27 October 2021
With so much happening in the world of wine and in the wider world that impacts wine, we are repositioning our quarterly newsletter from the CEO. The idea is to track important trends and developments and consider their potential significance for our industry.
In this issue we highlight new export gains and, with all eyes on the upcoming UN Climate Summit COP 26, we look at some of the related topics of sustainability, transparency and packaging.
SOUTH AFRICAN SPARKLING SUCCESS
This year, South Africa celebrates 50 fabulous years of sparkling wines made according to the traditional méthode Champenoise. For a long time, they were referred to as MCCs (Méthode Cap Classique) but now the straightforward term Cap Classique has been adopted by all local producers. With no more acronyms, it’s clearer, catchier, easier to recall, highlights origin and helps us to differentiate our traditionally made bubblies from those produced in other countries. This is especially important as exports grow.
Daniel Mettyear, research director at IWSR Drinks Market Analysis, is confident the global wine sector, sparkling wine included, will recover fully from the pandemic by 2023. (https://www.thedrinksbusiness.com/2021/05/unfinished-fizzness/) He told The Drinks Business there’s expected to be an almost twofold increase worldwide in the proportion of sparkling to still wine sales, saying: “The volume share of sparkling wine globally in 2014 was around 10%, but by 2024 we expect that to be 18%, so a big increase.”
Until recently, nearly 85% of Cap Classique was sold domestically but that’s changing. With more shout-outs from overseas critics, the trade and scintillating results achieved on international shows such as the Decanter World Wine Awards, (https://www.decanter.com/decanter-world-wine-awards/success-for-south-africa-462841/) they’re acquiring a whole new cachet.
Internationally, Cap Classique falls within the upper-middle price segment. This places the segment well above Prosecco and many Cava expressions, but below Champagne. Adding to their reputational and pricing allure, these bubblies have a distinctive South African flair and intriguing provenance for those new to the category.
Here’s a quick value growth snapshot of our three biggest Cap Classique markets for the 12 months to September 2021: year-on-year sales rose in the UK by 34%; in the US by 19% and the Netherlands by 55%. There were other standout performances in Germany (18%) and, off a smaller base but still very encouraging: in China (63%) and Canada (21%).
When South Africa established the Integrated Production for Wine (IPW) in 1998, it was hailed as a far-reaching programme to promote fully traceable production integrity and to improve compliance with newly set eco-, and later, socially sustainable standards. Then in 1995 Sustainable Winegrowing New Zealand was formed, followed by similar initiatives in California, Australia, Chile and elsewhere.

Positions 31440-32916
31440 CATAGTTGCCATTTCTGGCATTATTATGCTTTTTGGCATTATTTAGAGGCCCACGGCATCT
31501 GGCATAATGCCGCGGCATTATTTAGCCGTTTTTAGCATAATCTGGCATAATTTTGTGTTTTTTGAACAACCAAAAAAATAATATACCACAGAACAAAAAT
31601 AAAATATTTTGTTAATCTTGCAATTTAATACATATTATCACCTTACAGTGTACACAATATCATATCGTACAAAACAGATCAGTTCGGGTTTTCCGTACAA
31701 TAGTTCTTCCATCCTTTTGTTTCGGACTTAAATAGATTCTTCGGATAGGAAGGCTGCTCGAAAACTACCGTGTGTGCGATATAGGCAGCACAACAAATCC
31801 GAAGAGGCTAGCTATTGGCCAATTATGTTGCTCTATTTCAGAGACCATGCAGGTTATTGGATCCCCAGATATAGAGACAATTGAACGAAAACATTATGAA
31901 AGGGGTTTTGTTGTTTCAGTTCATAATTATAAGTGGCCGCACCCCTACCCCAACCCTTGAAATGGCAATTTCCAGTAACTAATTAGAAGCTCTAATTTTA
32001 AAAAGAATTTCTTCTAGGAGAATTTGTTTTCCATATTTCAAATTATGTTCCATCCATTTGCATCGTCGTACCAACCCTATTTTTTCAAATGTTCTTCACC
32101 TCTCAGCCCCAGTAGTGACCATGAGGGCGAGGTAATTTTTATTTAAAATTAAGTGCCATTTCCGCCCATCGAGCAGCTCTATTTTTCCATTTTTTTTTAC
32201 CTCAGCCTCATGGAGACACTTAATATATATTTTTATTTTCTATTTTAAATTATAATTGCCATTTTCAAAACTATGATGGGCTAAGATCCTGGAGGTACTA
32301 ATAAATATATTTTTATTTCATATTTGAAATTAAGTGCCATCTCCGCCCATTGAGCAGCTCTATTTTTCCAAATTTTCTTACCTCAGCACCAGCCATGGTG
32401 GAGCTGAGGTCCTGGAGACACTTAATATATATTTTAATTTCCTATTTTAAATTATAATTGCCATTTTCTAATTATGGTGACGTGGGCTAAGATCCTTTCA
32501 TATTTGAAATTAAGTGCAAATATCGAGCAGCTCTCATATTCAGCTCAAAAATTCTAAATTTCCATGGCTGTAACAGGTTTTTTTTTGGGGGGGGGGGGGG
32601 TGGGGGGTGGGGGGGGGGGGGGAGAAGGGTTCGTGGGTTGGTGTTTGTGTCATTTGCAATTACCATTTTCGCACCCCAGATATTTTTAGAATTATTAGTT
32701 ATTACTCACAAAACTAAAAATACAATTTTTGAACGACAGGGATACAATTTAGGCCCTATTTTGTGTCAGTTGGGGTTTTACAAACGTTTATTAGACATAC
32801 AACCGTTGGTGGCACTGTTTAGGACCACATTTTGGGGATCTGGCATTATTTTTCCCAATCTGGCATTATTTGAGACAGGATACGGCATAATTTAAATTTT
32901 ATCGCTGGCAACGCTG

These bodies have done a great deal to embed more eco- and socially sustainable wine- growing and winemaking practices in their respective regions. But if we take note of recent alerts from organisations like the Intergovernmental Panel on Climate Change, all industries, wine included, have much work ahead, and time isn’t exactly on our side.
Of course, we’ll hear a whole lot more on this subject at the upcoming COP 26 UN Climate Change Conference in Glasgow, and also Planet: Tech in Lisbon.
Both these climate change platforms have stressed before that we need global collaborations to solve global problems. The same applies in the wine industry. Collectively we can do more to address the impact of new weather patterns, land usage, water scarcity and habitat destruction, and across the supply chain, to offset the impact of GHG emissions, packaging and waste. We can also help each other to find solutions in fighting the corrosive impact of social inequality and intergenerational poverty.
Here’s the thing, by collaborating, we also get to set universally accepted metrics and standards that mean the same things to industry players and consumers, wherever they are.
That’s why WoSA is so proud to be a founding member of the newly created, Sustainable Wine Roundtable (SWR), along in South Africa with WWF and producer Journey’s End. To date, SWR is the only global, independent coalition to include all wine value-chain stakeholders. As I write, it is working towards defining sustainable wine in practical detail and in developing a global wine sustainability standard.
This is in no way to negate the value of our individual local bodies. They do absolutely essential work in raising and implementing sustainability standards. But just think how much better can we all do and be, if we have the means to share and learn from each other’s research and best practice.
No doubt, a growing area of SWR’s concern will be fire management and smoke taint. With our own summer just starting, we welcome any new understanding to help us through the season.